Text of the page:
I chatted Andy up for a bit and asked how his team, “Lords of Coventry”, were doing. We had a brief, but good conversation.  After a quick break, Ted and I started to head back out.  As I began to walk out of the medical tent, I yelled back, “Lords of Coventry!!  I love you guys man!  I have all your albums!!”  The rest of the Lords looked at me with what was either confusion or disgust. Andy cracked a smile and, I think, appreciated this quote from the movie Moving Violations.  It could be that he was smiling with the thought of me falling head-first off of a cargo net.

**The Lords of Coventry went on to place 2nd in the teams division of WTM 2012 with 6 laps (60 miles).

Andy’s Video from 2011:

Walking into the water at Pirate’s Booty on lap 4, I was unsure of what to expect when I got to the net.  By this time in the night, the net had solidly frozen over.  Some spaces in the net were too small to fit your hand or foot in.  I made my way up, slowly, and deliberately, finding a route that would work.  I even stopped halfway to rest while nervously locked into the net with my arms and legs.  I was going to make it.  I had to make it.  As I kicked my legs over the top and stood on the platform, Ted gave me the most solid high-five I have ever received in my life.  If it wouldn’t have been so dangerous in the dark, I would have started break dancing up on that platform.  I was ready to take on the world.    Before we climbed down off the obstacle, we agreed; we were going to do 5 laps.  Our spirits seemed to soar the remaining miles of lap 4.  We planned to not stop and only grab food for the road to eat during the first mile of lap 5.  However, the race can change quickly.

For the final few miles of lap 4, Ted mentioned a few times how he felt a bit of an energy drain.  After passing through Electroshock Therapy and moving into the final half mile, Ted stopped and laid down on the ground.  I thought he was doing a quick stretch, but he explained that he had to stop.  His mind was telling his body to move, but his body was not responding.  This was a bit concerning, because Ted is a serious machine.  In one of his preparation workouts for WTM, he completed 8 CrossFit Hero WODs in 8 hours, which also raised a bunch of money for Wounded Warrior Project. After some discussion, we found that his mind was in good condition, or at least as good as could be expected. We figured he was hitting a serious caloric wall.  After a short rest on the pavement, we were able to make it back to the pit to refuel.

Lap 5: This is possible
The final lap is a bit of a blur, but it was a happy blur.  Even though we were tired and beaten down, we moved through the lap with relative comfort and ease.  As the sun came up, temperatures also moved back over freezing.  This seemed like a benefit until I started regaining feeling in my feet.  And that feeling was pain. The good news, was that our lap timing was working perfectly.

At 10:27 am, Ted and I crossed the Finish Line together.  We had been racing for 24 hours 27 minutes and 12 seconds.  We had completed 5 laps for just over 50 miles and about 160 obstacles.  What was a complete surprise for us, was that while we were ranked in the high 800s after lap 1, we had finished the race in 83rd place out of 1097 competitors.  I had finally not come in “nearly” last place!?!?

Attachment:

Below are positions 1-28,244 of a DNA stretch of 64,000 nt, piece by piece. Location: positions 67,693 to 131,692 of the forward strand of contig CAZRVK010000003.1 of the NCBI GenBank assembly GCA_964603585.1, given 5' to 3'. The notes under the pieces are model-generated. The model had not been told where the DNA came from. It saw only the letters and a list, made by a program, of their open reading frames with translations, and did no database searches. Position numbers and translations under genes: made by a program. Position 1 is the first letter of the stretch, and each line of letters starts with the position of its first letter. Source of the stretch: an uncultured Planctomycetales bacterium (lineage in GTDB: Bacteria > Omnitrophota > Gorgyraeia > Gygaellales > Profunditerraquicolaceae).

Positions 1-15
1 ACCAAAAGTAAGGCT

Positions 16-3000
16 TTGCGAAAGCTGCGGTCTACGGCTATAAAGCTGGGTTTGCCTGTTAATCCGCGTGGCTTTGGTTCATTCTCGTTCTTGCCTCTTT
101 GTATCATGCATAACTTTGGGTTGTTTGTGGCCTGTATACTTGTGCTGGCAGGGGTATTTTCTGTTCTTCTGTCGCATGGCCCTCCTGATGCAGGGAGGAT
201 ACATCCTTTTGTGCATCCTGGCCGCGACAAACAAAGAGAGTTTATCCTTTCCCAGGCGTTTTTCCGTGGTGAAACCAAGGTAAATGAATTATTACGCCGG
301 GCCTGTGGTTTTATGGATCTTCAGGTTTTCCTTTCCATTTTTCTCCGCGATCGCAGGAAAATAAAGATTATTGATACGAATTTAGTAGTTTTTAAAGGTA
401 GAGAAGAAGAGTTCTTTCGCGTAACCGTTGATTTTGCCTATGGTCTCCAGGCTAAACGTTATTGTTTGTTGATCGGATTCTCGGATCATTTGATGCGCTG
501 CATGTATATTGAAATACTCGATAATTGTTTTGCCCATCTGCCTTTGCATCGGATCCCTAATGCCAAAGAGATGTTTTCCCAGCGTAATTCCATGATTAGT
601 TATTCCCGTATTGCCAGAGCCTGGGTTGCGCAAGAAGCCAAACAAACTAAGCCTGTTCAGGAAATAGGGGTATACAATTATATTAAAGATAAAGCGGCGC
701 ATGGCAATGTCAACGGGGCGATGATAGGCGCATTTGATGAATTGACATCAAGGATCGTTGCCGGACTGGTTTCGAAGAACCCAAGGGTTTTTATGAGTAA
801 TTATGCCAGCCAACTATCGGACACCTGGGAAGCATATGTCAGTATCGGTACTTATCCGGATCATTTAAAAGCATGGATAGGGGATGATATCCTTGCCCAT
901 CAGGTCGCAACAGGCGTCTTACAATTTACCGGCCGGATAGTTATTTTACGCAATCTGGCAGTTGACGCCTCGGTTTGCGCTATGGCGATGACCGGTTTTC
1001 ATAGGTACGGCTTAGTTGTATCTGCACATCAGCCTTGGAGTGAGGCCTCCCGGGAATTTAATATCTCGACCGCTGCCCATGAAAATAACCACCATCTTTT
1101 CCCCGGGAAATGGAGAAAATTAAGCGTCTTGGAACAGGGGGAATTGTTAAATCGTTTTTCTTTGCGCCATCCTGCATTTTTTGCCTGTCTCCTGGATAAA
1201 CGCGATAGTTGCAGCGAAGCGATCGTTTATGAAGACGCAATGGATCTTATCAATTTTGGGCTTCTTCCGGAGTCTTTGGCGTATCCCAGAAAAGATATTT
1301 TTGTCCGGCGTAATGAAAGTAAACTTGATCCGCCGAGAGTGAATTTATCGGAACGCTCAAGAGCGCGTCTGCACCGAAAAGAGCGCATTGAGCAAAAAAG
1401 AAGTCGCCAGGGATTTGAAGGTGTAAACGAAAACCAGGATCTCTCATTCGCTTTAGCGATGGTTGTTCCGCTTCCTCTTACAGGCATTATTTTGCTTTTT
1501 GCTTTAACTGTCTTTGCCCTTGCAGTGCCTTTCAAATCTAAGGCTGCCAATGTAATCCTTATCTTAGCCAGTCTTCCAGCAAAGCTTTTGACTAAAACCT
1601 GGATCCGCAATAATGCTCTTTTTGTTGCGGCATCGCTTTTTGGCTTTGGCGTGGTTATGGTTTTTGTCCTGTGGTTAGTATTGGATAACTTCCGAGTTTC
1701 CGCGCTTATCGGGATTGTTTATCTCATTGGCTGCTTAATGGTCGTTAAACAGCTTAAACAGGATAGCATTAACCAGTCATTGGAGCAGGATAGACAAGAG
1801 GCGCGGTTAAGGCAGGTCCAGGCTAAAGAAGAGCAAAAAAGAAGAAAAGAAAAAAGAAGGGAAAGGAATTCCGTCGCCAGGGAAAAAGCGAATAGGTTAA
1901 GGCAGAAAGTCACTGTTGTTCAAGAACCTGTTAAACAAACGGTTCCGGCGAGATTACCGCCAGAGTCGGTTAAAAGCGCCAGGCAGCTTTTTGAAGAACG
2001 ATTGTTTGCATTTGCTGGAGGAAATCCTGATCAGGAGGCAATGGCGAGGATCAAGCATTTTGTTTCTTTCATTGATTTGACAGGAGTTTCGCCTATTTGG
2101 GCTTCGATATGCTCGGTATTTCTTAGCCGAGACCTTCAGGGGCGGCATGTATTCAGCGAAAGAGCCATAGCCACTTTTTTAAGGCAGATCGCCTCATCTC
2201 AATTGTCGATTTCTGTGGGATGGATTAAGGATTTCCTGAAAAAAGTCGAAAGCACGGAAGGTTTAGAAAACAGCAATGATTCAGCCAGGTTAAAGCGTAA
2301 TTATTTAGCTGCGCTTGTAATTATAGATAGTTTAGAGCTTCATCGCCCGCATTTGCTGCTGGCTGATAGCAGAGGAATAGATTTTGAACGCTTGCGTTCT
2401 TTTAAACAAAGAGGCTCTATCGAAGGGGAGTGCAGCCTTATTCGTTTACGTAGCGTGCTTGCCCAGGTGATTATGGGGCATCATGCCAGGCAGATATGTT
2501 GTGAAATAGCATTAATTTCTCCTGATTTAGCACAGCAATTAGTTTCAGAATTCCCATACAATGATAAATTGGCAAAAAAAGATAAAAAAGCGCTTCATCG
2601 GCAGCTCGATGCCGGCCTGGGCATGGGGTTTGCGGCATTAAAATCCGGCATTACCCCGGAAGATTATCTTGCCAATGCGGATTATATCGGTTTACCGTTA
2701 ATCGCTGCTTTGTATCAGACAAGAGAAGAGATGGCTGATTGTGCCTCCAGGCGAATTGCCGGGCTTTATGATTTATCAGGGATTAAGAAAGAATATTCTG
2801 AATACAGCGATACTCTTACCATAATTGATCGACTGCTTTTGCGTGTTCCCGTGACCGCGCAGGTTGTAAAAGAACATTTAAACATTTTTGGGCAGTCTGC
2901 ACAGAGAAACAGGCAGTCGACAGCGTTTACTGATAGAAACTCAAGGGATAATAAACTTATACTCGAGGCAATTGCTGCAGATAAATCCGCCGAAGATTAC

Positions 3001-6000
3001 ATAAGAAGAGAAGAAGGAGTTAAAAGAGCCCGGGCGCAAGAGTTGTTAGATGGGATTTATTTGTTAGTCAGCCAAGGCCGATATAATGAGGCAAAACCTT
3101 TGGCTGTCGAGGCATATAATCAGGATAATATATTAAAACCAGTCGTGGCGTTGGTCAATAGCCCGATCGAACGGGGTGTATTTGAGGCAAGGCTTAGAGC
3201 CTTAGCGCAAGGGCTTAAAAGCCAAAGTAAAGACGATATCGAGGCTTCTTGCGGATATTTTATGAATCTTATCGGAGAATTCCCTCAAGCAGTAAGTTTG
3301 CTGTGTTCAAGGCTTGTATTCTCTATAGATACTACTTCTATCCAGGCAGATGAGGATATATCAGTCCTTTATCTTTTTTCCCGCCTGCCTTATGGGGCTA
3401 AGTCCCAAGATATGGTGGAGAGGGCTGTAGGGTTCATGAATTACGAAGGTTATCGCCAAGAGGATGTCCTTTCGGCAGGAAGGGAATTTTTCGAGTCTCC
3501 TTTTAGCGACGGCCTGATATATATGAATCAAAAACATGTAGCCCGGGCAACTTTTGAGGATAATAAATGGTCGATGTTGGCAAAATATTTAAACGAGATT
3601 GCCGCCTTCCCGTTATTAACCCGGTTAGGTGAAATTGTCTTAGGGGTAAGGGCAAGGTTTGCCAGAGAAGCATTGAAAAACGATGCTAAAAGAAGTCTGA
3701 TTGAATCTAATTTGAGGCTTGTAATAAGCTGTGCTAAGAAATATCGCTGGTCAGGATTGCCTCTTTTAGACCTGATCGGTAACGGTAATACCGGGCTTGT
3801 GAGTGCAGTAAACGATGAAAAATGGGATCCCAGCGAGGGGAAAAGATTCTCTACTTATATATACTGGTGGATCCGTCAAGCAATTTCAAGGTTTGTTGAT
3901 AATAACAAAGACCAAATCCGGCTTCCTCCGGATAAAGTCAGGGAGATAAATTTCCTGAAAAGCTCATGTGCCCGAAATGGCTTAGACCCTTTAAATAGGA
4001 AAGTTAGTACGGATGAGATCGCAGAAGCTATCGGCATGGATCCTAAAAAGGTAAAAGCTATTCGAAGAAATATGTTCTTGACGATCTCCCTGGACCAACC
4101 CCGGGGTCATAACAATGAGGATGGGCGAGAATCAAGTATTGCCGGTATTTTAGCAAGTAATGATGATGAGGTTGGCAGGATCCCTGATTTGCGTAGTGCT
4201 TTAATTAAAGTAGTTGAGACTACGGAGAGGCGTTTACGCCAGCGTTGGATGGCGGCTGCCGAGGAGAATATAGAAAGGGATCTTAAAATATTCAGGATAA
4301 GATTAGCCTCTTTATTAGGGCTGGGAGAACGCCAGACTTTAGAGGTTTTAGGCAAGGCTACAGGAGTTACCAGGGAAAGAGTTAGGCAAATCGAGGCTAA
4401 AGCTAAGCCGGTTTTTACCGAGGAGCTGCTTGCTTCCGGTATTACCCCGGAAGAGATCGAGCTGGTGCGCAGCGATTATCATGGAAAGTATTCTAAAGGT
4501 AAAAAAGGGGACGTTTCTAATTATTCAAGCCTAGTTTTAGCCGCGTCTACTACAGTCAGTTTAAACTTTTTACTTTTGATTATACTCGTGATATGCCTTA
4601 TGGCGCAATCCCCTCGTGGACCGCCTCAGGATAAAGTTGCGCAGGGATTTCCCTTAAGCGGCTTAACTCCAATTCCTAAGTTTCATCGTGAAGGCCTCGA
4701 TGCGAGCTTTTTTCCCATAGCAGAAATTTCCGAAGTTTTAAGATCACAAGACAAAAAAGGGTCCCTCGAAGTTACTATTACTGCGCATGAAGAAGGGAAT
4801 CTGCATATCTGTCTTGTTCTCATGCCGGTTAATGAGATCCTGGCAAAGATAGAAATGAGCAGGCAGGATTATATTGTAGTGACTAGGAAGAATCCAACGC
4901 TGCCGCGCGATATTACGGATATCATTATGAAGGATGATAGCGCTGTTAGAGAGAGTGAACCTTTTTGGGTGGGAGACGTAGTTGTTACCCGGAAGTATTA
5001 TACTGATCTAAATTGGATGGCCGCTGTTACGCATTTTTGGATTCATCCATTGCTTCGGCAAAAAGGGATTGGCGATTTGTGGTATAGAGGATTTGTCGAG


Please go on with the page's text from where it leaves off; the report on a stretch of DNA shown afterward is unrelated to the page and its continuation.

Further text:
So in the end, I lasted all 15 rounds with Creed and can now say that I’m not just another bum from the neighborhood. (Ok.. enough with the Rocky speak.)  I had a ridiculously good time at WTM.  The large amounts of cold and pain were far outweighed by the sense of accomplishing a goal that I wasn’t sure was possible.  I was completely alive and living in one of life’s great moments.  While I didn’t scream for Adrian at the finish line, I did enjoy some manly hugs with new friends and a cold, post-race beer.

Here are some other post race stats & details:

  • 2 people completed 9 laps – Junyong Pak & Amelia Boone may not be human.. I’m unsure.
  • 3 people completed 8 laps
  • 9 people completed 7 laps
  • 27 people completed 6 laps
  • 102 people completed 5 laps
  • 193 people completed 4 laps
  • 346 people completed 3 laps
  • 328 people completed 2 laps
  • 89 people completed 1 lap
  • ?? people did not finish a lap

The 2nd and 3rd place finishers were both women.  Girl Power!

Approximate Calories Burned: 12,000
Approximate Calories consumed: 8,400

Current injuries lasting longer than 1st week:

  • Jammed (hopefully not broken) finger – left 3rd metacarpal – cause unknown
  • Bruised foot – right 5th metatarsal – caused by slamming into Everest (lap 2)
  • Bruised right 2nd rib – caused when coming down a wall and slamming into my safety strobe
  • Swollen feet – caused by 50 wet, cold miles
  • Dead toe nail on right index toe – same as cause above
  • Right shoulder pain (rotator cuff) – likely caused by walls at end of race
  • Numbness in left hand – likely caused by strain in elbow/forearm
  • A mild case of being a wuss – likely caused by my upbringing

**I will post a write-up about my WTM preparation soon.  I can guarantee there is a high chance for low amounts of entertainment when reading it.